While I’ve taken a break from blogging (see previous post) I haven’t stepped away from reading other outdoor blogs or following the current “hot-button” issues that surround us in the outdoors world. What suddenly occurred to me is the notion I think many of us fail to consider when we form our thoughts and opinions on the outdoors.
What is our ultimate goal (or what should it be)? Seriously, as a group of outdoor users what should we all be striving towards to accomplish in our outdoor pursuits? Mind you, I’m not talking personal goals here…I’m talking identifiable benchmarks we can collectively use to determine we’re achieving something good and proper for each of our various outdoor activities.
Only by sharing a common goal for how we should be enjoying the outdoors can we expect to achieve success and harmony in all of our outdoor pursuits.
Let me provide an example. Yesterday I read on Facebook where someone posed the question should crossbows be used during the regular archery deer hunting season. In many states, and my home state of Minnesota being one of them, crossbow users are greatly restricted to use only during select times and/or by persons showing a doctor diagnosed disability.
Now, on one hand those individuals suggesting “yes” point to the fact that as a hunter ages it gets increasingly difficult to pull back on a bow, even today’s modern compounds incorporating marvelous engineering designs can still be too much for muscles enduring atrophy. Yet, traditional archers understandably have reason to limit an expansion of deer hunter opportunities leading to increased competition on a limited commodity.
So, we have a standoff between two factions of sportsmen each with a personal vested interest in rules being construed to their recreational advantage. Emotions over the issue build, eventually one side or the other starts to undermine the other’s stance with negativity, and suddenly sportsmen are at odds over a matter that should not even be occurring. Why? Because inherently we let selfish desires sway our thinking (and acting) due to the fact we’re all not operating toward an established outdoors goal.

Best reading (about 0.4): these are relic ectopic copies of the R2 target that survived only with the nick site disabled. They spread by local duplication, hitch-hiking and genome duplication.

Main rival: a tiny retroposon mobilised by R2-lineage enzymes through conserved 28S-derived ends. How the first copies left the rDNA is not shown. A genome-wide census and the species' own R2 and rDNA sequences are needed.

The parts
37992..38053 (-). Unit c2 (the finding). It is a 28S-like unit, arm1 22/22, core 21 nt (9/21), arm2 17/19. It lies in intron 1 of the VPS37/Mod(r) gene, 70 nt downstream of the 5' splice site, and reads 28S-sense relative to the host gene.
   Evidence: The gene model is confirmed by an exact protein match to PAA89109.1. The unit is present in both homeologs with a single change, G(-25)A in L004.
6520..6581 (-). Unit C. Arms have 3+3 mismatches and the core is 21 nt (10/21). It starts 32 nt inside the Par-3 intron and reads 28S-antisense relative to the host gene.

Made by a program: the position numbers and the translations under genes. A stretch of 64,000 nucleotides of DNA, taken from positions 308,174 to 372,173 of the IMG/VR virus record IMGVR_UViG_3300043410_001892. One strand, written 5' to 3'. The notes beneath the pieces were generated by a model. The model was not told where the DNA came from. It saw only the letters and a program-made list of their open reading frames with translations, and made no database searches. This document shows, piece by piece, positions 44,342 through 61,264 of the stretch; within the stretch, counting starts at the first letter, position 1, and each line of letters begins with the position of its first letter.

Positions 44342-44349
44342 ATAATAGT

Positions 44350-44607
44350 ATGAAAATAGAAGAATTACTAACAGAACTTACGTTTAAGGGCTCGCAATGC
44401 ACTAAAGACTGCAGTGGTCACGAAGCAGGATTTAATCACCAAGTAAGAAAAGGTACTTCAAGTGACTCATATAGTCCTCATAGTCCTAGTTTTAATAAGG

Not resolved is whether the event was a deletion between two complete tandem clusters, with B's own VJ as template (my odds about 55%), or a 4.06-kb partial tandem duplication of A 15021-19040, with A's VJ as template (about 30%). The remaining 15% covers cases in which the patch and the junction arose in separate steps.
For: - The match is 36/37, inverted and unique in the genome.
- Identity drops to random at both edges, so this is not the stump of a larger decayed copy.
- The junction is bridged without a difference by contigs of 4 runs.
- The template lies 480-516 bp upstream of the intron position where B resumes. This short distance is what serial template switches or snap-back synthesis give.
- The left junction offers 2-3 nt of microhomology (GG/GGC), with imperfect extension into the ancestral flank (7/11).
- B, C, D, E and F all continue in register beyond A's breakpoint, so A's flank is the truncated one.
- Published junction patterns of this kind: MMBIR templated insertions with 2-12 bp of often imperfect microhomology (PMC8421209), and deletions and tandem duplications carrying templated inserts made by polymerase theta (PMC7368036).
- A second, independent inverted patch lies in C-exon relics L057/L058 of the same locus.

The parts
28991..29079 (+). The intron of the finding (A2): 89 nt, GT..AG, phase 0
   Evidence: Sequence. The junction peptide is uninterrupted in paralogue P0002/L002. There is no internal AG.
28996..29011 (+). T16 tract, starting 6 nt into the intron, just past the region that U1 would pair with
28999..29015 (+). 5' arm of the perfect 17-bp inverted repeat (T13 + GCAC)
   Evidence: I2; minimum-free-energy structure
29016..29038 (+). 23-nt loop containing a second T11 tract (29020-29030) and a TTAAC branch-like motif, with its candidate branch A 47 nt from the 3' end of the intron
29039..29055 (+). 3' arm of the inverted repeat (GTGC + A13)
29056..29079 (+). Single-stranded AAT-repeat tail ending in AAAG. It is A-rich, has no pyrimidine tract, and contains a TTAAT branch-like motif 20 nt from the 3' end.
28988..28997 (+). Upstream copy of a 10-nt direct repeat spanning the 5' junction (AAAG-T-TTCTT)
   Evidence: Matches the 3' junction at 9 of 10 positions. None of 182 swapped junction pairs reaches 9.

Here’s another example. In Minnesota, like a growing number of states, we’ve been experimenting with various deer management principles involving antler point restrictions (or APR’s). The thought being if hunters are required to count a certain number of points on a buck to make it legal, this will help shift the buck population to one that is more mature, hence more trophies.
The problem is not everyone wants to deer hunt with those added restrictions. Indeed, one faction of hunters wants the DNR to mandate certain criteria to theoretically increase the number of trophy deer bounding through the woods. On the flip side are deer hunters who prefer doing things the traditional way allowing every hunter to determine what they consider to be a trophy. Bottom line…selfish personal desires place otherwise regular, agreeable sportsmen at great odds.
Okay, enough talk about a goal. Let’s establish a common goal among all sportsmen that should be widely understood as well as embraced. The goal needs to take “what’s best for me” out of the equation. The goal needs to be so ridiculously simple that everyone understands it. The goal needs to resonate and become woven into the fabric of everything we do, henceforth, when it comes to hunting, fishing, trapping, etc.
The goal needs to rejoice in the fact that although many of us choose to enjoy the outdoors in slightly different ways, our differences should never become kindling used for torching fellow sportsmen. Indeed, the goal might need to re-focus our thinking for the greater good of our beloved outdoor pursuits, but that’s okay and a healthy step in the right direction.
THE GOAL: All laws, rules and regulations should be developed and construed allowing the MAXIMUM number of people to participate and to enjoy the outdoors. There you have it! Notice I didn’t say to enjoy the outdoors a certain way at the expense of how others might enjoy it. Of course, the underlying caveat to this goal must always consider what is good for the natural resources first and foremost.
Honestly, folks, I’ve really growing tired of the divisiveness prevalent within our ranks seemingly motivated by pure selfish thinking. It’s a cancer and needs to be dealt with before it spreads out of control. As a group, we can’t afford to alienate other sportsmen (or future sportsmen) because we strive to push for personal agendas losing sight of what should be the greater goal. Then, of course, if we all choose to continue operating without a common goal for our beloved outdoor activities we simply continue on a destiny of eventual doom.
©2012 Jim Braaten. All Rights Reserved. No Reproduction without Prior Permission.